Complete Primate Skeleton from the Middle Eocene of Messel in Germany: Morphology and Paleobiology
Jens L. Franzen1,2, Philip D. Gingerich3, Jörg Habersetzer1, Jørn H. Hurum4*, Wighart von Koenigswald5, B. Holly Smith6
1 Forschungsinstitut Senckenberg, Frankfurt, Germany, 2 Naturhistorisches Museum Basel, Basel, Switzerland, 3 Museum of Paleontology and Department of Geological Sciences, University of Michigan, Ann Arbor, Michigan, United States of America, 4 Natural History Museum, University of Oslo, Oslo, Norway, 5 Steinmann-Institut für Geologie, Mineralogie und Paläontologie, Universität Bonn, Bonn, Germany, 6 Museum of Anthropology, University of Michigan, Ann Arbor, Michigan, United States of America
The best European locality for complete Eocene mammal skeletons is Grube Messel, near Darmstadt, Germany. Although the site was surrounded by a para-tropical rain forest in the Eocene, primates are remarkably rare there, and only eight fragmentary specimens were known until now. Messel has now yielded a full primate skeleton. The specimen has an unusual history: it was privately collected and sold in two parts, with only the lesser part previously known. The second part, which has just come to light, shows the skeleton to be the most complete primate known in the fossil record.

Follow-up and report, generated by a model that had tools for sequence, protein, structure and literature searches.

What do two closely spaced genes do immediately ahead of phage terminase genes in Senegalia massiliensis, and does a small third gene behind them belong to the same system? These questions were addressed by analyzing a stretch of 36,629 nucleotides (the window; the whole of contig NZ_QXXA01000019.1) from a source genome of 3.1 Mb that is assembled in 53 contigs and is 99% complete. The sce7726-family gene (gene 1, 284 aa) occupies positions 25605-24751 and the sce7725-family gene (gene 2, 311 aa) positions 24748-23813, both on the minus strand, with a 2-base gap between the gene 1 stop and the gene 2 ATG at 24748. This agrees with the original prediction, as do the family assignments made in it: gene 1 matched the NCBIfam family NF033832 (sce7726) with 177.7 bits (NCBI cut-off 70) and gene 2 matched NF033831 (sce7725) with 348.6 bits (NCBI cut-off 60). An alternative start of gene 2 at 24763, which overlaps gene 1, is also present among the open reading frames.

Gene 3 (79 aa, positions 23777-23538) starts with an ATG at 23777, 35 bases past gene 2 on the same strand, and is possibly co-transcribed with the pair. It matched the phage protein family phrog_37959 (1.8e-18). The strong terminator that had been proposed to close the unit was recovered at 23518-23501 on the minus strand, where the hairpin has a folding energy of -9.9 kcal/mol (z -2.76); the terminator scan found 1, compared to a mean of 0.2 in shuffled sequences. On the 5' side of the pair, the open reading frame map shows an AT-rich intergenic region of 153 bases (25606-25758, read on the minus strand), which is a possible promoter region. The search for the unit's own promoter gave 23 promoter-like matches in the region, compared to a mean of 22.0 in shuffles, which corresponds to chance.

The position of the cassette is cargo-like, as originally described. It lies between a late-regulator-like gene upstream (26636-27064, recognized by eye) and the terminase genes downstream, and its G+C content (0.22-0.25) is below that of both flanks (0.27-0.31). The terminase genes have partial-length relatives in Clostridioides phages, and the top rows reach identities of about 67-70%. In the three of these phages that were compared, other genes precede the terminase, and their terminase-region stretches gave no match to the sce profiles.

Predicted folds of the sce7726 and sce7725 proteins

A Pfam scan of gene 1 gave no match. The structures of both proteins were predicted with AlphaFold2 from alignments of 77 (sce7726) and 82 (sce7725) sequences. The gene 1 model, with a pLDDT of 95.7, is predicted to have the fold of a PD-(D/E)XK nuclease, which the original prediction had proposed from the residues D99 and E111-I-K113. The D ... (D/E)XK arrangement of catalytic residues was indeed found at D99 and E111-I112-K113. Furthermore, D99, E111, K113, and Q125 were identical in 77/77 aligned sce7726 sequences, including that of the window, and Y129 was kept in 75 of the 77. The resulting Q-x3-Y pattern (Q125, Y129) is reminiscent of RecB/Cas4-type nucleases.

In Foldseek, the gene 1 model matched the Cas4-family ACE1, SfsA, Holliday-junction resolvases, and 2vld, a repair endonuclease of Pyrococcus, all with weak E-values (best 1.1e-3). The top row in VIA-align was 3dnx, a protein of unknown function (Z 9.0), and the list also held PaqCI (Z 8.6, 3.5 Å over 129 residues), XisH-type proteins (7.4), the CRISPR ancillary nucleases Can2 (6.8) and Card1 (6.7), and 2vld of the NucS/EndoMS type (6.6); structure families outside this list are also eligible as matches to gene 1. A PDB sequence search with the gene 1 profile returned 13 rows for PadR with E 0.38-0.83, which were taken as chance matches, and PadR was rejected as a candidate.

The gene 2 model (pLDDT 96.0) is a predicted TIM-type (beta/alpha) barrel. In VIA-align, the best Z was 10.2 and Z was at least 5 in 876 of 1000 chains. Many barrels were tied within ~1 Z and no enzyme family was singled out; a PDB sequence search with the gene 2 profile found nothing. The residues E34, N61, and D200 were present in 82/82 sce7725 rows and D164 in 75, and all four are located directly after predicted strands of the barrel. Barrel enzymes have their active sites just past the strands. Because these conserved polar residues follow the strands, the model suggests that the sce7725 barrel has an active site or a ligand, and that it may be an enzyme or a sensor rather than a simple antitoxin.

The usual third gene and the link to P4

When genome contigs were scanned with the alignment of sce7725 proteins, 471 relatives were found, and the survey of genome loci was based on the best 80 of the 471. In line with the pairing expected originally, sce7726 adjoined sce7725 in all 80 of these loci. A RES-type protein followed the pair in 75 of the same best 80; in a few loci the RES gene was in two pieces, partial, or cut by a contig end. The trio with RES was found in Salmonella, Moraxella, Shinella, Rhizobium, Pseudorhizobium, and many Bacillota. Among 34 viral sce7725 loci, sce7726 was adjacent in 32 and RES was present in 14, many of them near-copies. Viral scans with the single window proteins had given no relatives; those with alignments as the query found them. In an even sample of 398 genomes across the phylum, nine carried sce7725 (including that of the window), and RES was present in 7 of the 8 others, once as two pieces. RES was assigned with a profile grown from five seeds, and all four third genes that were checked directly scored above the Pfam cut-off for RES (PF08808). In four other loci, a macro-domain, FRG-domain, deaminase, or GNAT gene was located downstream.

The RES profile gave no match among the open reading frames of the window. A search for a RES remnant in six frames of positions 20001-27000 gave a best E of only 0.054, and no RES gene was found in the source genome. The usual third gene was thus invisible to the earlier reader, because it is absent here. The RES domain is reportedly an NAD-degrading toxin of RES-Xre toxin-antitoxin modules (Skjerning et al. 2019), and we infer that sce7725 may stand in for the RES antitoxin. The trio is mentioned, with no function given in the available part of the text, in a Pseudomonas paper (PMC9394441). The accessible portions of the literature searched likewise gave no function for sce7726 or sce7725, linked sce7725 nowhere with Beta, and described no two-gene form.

We describe the morphology and investigate the paleobiology of the skeleton. The specimen is described as Darwinius masillae n.gen. n.sp. belonging to the Cercamoniinae. Because the skeleton is lightly crushed and bones cannot be handled individually, imaging studies are of particular importance. Skull radiography shows a host of teeth developing within the juvenile face. Investigation of growth and proportion suggest that the individual was a weaned and independent-feeding female that died in her first year of life, and might have attained a body weight of 650–900 g had she lived to adulthood. She was an agile, nail-bearing, generalized arboreal quadruped living above the floor of the Messel rain forest.
Darwinius masillae represents the most complete fossil primate ever found, including both skeleton, soft body outline and contents of the digestive tract. Study of all these features allows a fairly complete reconstruction of life history, locomotion, and diet. Any future study of Eocene-Oligocene primates should benefit from information preserved in the Darwinius holotype. Of particular importance to phylogenetic studies, the absence of a toilet claw and a toothcomb demonstrates that Darwinius masillae is not simply a fossil lemur, but part of a larger group of primates, Adapoidea, representative of the early haplorhine diversification.
Carl Zimmer of The Loom has more comments. Link to the paper at the top.